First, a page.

Far-Right AfD Surges in Two East German State Elections Thanks to Young Voters
Historic AfD Gains in Brandenburg and Saxony
DW reports AfD Set for Second Spot in East German Elections.
- SPD: 26.2%
- AfD: 23.5%
- CDU 15.6%
- CDU: 32.4%
- AfD: 27.9%
- SPD: 7.7%
Had Brandenburg and Saxony been one state, AfD would have won.
Coalition math will be difficult. All the parties rule out working with AfD, but it will become the top opposition party with increased rights.
- There are a couple of broader trends we can discern from yesterday's results. The first is that coalitions in Germany - both at state and at federal level - will of necessity have three parties in the future rather than two. In Saxony the CDU won around a third of the vote, followed by the AfD at 27.5%. But the CDU is down 7pp, and the SPD lost 5pp to just under 8%. The Greens will have to join the grand coalition in Saxony. Otherwise there will be no majority.
- The SPD retained its position as strongest party in Brandenburg, but lost 6pp. The current coalition with the Left Party lost its majority too. Again, the Greens are needed to form a government. They are much smaller in the east of the country than in the west, but they are the big winners.
- The second trend is the persistence of the AfD vote. The AfD was the second-largest party in both elections, and the largest if you add the two states together. The AfD is the party of East Germany, a symbol of the country’s ongoing and in some cases deteriorating division. What is perhaps also surprising is that in Saxony the AfD is the strongest party among the under-30s. The AfD will not be governing Germany any time soon, but it has become part of the country's political fabric, and is there to stay.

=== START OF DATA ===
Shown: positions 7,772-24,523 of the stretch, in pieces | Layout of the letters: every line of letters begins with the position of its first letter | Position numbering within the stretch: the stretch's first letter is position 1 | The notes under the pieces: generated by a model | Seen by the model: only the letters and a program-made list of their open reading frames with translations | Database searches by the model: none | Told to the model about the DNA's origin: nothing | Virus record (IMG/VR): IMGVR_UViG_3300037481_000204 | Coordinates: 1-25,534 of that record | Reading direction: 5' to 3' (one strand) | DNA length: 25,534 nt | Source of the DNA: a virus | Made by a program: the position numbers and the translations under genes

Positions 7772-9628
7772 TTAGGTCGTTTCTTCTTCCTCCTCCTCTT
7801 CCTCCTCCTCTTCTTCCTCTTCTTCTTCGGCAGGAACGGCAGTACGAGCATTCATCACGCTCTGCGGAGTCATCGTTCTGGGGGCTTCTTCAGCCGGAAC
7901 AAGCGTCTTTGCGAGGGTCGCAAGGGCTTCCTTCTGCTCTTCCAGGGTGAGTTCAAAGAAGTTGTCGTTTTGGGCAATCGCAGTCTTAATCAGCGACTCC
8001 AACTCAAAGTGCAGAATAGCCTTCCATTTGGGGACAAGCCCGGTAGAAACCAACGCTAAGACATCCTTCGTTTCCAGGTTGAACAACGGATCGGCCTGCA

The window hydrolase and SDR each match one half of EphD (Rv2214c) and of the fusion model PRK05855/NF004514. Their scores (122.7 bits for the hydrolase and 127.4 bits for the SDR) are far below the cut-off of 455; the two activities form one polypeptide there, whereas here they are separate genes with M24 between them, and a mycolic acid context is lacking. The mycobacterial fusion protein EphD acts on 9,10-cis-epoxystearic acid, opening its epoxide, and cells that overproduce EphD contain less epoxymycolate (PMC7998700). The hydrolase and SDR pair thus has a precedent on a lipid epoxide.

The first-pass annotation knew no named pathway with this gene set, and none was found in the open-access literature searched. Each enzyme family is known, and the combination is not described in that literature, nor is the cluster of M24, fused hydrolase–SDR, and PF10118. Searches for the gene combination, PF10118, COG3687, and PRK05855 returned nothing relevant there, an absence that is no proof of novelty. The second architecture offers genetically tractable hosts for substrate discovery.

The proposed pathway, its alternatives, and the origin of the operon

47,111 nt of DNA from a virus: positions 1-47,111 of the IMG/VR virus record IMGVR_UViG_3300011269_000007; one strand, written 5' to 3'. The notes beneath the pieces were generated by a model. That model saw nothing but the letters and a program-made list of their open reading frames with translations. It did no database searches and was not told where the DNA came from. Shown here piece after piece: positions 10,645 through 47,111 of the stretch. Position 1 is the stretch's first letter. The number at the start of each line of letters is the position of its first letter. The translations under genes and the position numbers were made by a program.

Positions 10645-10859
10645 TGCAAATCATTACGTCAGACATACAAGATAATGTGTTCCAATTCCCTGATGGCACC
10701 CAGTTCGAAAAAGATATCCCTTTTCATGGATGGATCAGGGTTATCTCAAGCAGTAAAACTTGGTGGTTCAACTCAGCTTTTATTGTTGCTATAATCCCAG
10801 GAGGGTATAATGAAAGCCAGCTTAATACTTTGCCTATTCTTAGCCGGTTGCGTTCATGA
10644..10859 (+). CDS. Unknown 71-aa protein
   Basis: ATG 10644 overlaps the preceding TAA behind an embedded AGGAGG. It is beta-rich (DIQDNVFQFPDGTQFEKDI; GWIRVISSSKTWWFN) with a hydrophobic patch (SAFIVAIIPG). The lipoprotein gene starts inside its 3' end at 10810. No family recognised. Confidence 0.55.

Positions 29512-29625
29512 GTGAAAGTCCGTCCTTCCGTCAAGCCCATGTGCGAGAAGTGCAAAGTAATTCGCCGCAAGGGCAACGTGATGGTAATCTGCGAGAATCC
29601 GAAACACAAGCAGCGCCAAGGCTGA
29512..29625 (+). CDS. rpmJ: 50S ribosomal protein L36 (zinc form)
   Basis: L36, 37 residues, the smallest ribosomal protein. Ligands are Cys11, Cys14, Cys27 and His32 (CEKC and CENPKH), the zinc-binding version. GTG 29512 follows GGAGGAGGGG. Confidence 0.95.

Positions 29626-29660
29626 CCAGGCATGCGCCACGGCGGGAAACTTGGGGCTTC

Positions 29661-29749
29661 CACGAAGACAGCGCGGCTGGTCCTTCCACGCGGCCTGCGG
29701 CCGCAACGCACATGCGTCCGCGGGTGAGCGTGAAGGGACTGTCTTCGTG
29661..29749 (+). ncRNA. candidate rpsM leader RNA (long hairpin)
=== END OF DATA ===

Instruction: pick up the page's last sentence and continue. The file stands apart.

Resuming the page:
- Annegret Kramp-Karrenbauer has survived these elections but, as FAZ reports, CDU politicians are beginning to question whether they made the right choice at the CDU party conference last year. The SPD will decide whether to continue or quit the grand coalition at the end of the year. The party will also select a new leader. Olaf Scholz, of the right of the party, is the most favoured candidate. The grand coalition is clearly unsustainable, but this observation does not help us very much. It is possible that both participants decide that they have no alternative options, and that they would rather continue until 2021 under the leadership of Angela Merkel.
- AfD topped age groups 18-24 and 25-35 in Saxony.
- AfD came in a close second in age group 45-59.
- Only those 60 an over voted strongly for CDU. Even then, AfD was in second place.
So much for the theory that the far-right is a party for older voters.
Second Class Citizens
Merkel's Divisive Policies
Merkel's divisive policies not only gave rise to AfD, but she also managed to split Germany in two, East vs West once again.
Mike "Mish" Shedlock